Changes to the law on cleaning standards are expected to be passed in Parliament next month to help the country deal with Covid-19 and other health risks, said Minister for Sustainability and the Environment Grace Fu yesterday.
She said the amendments to the Environmental Public Health Act are part of efforts to boost Singapore’s resilience against the current pandemic and dengue outbreak, as well as future public health threats.
The changes include implementing mandatory cleaning standards, such as a regime specifying the frequency of routine cleaning and deep cleaning for disinfection. Environmental sanitation controls will be enhanced and more accountability will be required of premise owners.
The proposed changes were announced earlier this year when Singapore was in the early stages of its fight against Covid-19.
The new rules will be progressively implemented from next year, starting with higher-risk sectors with high footfall, and areas with vulnerable users, such as childcare centres, said Ms Fu, who was speaking at a virtual launch of the Public Hygiene Council’s (PHC) month-long Keep Clean, Singapore campaign.
The annual campaign encourages Singaporeans to take ownership of the cleanliness of shared public spaces. This year’s event aims to highlight that Singapore is in a “war against littering”, by getting Singaporeans to recognise that litter is not just an aesthetic problem but also a public health threat.
Ms Fu also gave an update on the number of premises that have been awarded the SG Clean quality mark, which signifies if an operator has met certain hygiene standards.
As at the end of last month, more than 22,000 premises have received it, she said. “This mark will be important to businesses, such as hotels and restaurants, who want to get their customers back by assuring them of the measures taken to safeguard their health.”
Ms Fu added that ensuring the cleanliness of the public spaces “is our shared responsibility”. “Beyond what the Government and owners of premises can do, members of the public – that’s us – must help keep Singapore clean,” she added.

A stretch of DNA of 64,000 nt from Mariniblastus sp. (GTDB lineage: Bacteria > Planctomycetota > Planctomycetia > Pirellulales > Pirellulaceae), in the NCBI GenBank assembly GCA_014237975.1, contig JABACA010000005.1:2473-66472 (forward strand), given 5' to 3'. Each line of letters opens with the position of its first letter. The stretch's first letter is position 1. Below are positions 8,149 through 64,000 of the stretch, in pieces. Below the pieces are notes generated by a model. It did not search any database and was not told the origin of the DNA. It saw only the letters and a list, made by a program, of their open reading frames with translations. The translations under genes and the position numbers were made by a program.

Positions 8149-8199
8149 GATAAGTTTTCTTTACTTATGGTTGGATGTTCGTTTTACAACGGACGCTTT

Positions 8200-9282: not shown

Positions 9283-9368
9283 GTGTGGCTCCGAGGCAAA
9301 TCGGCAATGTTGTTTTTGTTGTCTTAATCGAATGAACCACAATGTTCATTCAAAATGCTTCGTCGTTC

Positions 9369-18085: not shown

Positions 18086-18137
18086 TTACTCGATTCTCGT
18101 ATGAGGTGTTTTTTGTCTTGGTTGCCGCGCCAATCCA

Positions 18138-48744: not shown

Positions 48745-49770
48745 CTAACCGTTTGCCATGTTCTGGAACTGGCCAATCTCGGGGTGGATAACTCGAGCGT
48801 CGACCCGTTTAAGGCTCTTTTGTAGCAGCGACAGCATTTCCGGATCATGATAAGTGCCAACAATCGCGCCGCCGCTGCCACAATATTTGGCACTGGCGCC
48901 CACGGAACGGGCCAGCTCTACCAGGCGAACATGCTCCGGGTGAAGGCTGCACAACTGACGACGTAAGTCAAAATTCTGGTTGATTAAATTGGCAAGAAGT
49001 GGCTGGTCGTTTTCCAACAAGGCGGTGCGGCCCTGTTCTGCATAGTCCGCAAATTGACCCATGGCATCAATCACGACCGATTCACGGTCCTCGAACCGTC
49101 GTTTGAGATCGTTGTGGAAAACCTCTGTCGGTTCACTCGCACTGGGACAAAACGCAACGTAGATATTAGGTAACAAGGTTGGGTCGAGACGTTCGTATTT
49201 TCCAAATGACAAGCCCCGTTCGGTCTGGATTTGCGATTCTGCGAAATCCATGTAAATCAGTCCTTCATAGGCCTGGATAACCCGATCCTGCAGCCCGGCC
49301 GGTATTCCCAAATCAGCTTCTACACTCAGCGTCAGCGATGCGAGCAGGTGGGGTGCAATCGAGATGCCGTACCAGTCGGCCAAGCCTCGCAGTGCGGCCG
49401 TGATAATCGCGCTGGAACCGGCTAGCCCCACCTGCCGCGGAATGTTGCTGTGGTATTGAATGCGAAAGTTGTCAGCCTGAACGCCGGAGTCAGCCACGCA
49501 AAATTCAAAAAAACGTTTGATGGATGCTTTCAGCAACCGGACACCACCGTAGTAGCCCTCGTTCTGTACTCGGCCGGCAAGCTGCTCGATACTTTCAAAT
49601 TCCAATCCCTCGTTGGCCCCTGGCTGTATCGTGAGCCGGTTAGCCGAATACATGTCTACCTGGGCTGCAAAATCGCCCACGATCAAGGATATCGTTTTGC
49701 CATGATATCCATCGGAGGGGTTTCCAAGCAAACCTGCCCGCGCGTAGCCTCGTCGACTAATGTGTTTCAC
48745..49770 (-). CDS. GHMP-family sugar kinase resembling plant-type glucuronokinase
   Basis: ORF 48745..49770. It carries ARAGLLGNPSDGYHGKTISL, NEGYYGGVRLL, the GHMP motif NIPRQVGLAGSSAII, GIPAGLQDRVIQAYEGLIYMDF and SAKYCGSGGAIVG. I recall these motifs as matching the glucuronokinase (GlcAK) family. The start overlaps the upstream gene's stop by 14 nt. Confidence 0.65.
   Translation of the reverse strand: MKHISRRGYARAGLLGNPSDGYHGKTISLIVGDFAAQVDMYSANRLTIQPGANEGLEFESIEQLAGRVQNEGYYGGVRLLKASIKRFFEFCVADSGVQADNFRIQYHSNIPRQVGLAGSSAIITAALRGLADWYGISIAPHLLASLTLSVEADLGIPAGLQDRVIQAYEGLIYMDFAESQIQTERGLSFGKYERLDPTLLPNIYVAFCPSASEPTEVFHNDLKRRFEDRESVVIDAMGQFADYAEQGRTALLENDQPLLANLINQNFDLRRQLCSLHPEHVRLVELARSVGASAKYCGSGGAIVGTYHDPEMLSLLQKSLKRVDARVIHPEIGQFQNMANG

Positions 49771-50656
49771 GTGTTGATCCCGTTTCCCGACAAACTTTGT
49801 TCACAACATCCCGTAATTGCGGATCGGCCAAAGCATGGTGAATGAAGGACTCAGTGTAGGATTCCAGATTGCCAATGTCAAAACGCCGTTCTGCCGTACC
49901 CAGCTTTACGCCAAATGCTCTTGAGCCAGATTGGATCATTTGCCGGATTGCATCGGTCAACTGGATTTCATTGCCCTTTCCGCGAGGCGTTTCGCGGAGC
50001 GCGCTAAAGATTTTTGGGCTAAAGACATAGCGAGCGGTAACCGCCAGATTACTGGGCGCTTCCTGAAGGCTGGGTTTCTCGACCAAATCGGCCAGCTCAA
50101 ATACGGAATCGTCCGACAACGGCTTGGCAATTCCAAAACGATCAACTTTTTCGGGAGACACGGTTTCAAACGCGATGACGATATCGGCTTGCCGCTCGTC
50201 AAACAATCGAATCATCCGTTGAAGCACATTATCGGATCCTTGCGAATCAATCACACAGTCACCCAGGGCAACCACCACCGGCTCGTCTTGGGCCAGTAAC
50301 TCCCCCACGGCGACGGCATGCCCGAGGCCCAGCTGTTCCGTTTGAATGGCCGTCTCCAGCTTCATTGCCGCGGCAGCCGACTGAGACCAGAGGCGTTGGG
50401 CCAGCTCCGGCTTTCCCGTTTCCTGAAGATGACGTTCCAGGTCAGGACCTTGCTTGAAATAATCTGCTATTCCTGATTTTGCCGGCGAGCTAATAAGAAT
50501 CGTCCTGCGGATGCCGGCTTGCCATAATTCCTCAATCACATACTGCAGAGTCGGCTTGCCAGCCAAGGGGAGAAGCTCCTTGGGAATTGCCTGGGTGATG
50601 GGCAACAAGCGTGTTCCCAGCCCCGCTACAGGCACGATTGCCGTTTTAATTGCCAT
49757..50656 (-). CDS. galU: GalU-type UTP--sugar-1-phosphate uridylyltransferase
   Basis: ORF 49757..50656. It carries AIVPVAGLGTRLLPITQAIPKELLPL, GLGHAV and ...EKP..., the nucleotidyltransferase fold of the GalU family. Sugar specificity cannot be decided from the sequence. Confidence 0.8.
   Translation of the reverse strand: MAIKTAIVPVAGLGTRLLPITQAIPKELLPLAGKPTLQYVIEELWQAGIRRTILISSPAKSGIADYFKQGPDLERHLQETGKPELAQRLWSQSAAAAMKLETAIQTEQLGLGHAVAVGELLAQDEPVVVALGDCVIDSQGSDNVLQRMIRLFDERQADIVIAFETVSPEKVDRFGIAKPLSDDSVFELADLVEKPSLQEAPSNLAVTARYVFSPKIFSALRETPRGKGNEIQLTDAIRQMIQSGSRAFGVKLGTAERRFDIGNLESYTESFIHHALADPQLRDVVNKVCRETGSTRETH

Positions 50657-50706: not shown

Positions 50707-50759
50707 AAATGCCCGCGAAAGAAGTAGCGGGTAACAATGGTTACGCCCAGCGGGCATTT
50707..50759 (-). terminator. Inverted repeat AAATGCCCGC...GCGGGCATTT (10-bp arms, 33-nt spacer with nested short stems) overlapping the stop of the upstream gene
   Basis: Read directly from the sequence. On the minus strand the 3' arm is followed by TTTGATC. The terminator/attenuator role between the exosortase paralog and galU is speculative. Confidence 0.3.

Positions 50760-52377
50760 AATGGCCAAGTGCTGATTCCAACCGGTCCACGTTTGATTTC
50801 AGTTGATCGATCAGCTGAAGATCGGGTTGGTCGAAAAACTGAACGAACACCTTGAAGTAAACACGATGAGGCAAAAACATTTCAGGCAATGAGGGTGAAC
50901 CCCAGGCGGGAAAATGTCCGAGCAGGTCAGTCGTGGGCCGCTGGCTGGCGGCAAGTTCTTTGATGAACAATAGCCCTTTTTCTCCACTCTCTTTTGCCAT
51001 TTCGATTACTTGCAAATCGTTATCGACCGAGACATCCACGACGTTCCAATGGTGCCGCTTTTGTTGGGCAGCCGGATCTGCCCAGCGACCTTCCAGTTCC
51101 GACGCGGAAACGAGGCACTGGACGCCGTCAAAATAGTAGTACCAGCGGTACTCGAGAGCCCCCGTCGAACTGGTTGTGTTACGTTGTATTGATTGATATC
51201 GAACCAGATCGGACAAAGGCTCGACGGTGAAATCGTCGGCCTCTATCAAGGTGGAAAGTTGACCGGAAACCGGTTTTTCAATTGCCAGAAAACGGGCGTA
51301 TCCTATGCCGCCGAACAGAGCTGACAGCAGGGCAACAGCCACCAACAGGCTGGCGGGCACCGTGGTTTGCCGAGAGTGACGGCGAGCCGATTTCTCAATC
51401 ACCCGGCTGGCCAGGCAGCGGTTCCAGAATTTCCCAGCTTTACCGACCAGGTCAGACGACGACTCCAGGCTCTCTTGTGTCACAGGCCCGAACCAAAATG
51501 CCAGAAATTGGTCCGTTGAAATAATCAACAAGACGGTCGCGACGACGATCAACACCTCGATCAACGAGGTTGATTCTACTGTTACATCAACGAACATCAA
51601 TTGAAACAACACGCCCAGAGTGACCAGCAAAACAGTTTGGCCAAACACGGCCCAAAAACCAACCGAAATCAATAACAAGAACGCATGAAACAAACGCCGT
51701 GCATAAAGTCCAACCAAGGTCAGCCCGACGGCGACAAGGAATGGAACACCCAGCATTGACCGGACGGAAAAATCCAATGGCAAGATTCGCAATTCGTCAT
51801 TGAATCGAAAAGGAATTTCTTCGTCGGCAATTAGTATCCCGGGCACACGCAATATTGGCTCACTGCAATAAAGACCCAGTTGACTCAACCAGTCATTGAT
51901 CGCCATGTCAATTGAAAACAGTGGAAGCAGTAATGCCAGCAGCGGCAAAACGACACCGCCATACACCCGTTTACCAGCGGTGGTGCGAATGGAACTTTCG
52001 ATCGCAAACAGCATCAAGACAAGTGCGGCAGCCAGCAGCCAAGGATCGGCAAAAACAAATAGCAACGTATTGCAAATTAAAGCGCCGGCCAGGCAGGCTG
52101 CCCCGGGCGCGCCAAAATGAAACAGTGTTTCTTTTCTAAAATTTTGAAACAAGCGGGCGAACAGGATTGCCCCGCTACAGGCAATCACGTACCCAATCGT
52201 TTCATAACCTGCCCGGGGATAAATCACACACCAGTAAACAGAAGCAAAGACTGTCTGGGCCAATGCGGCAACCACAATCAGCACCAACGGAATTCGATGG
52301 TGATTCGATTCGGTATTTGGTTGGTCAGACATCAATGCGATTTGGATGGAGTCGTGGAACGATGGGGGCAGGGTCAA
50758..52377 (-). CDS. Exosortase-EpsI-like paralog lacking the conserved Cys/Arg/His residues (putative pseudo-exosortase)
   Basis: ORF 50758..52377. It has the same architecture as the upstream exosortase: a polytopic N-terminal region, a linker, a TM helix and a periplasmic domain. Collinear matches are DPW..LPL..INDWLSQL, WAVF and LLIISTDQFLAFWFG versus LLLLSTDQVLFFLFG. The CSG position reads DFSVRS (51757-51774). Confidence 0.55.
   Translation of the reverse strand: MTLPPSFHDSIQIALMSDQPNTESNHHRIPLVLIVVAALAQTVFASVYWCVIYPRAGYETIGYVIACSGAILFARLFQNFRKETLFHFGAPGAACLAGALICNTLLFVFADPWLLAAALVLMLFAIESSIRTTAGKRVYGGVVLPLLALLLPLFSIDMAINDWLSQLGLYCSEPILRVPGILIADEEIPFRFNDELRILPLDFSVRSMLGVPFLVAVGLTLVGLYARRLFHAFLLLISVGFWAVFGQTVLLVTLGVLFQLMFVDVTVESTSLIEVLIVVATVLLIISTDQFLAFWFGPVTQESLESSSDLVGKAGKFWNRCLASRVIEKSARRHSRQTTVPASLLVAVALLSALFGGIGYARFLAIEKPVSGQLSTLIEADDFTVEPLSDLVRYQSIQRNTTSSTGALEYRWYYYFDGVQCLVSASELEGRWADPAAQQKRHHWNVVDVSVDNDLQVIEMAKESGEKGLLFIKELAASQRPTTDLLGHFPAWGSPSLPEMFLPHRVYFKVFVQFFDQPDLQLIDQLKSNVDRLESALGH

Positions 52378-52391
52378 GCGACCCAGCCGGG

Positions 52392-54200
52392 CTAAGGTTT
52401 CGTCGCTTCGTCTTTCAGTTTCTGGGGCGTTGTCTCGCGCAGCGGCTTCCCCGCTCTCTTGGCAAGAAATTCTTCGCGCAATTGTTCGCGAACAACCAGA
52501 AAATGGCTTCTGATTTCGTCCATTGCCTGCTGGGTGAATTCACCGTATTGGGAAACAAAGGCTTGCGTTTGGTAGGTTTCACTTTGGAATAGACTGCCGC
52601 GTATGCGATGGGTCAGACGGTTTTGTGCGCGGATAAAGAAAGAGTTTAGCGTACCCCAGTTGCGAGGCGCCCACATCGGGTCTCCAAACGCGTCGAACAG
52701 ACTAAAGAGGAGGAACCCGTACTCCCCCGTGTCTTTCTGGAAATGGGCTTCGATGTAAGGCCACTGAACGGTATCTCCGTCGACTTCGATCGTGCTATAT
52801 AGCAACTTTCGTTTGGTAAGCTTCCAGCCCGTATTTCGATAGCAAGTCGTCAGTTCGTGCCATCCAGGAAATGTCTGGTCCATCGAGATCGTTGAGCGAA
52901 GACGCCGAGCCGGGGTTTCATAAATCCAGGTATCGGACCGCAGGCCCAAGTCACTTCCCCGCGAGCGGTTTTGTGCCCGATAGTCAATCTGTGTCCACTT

Ms Fu cited the latest Public Cleanliness Satisfaction Survey released by the Singapore Management University on Friday. About 87 per cent of respondents acknowledged that Singapore is clean only because of its cleaning services’ efficiency. The survey was based on responses collected from last December to April.
Yesterday, the essential work of cleaners was recognised by the PHC. Singapore’s clean and green image is largely the hard work of its army of over 59,000 cleaners.
Their contributions are significant but there is an inherent complacency in Singaporeans who are today over-reliant on cleaners to clear up the mess we often leave behind. Singaporeans can do more by encouraging a culture of shared responsibility and taking strong ownership of cleanliness in public spaces.
PUBLIC HYGIENE COUNCIL CHAIRMAN EDWARD D’SILVA, who praised cleaners for keeping the city clean.
PHC chairman Edward D’Silva said the cleaners are “true heroes” in keeping the city clean.
“Their contributions are significant but there is an inherent complacency in Singaporeans who are today over-reliant on cleaners to clear up the mess we often leave behind,” he said. “Singaporeans can do more by encouraging a culture of shared responsibility and taking strong ownership of cleanliness in public spaces.”
As part of the campaign, the public is encouraged to conduct small-scale litter-picking activities – in groups of no more than five people – at their estates, beaches or parks.
The PHC had originally planned to launch SG Clean Day yesterday. It is an islandwide initiative aimed at ceasing public cleaning for a day and encouraging residents to participate in clean-up activities.
However, this had to be shelved because of the ongoing pandemic.
Many volunteers across the world, including Singapore, took part in an initiative by the Alliance to End Plastic Waste to remove litter from the environment.
Unlike past clean-up efforts, this two-week All Together Global Cleanup campaign, which started yesterday, encourages participants to take photos of each piece of litter disposed and geo-tag the images on a mobile application called Litterati.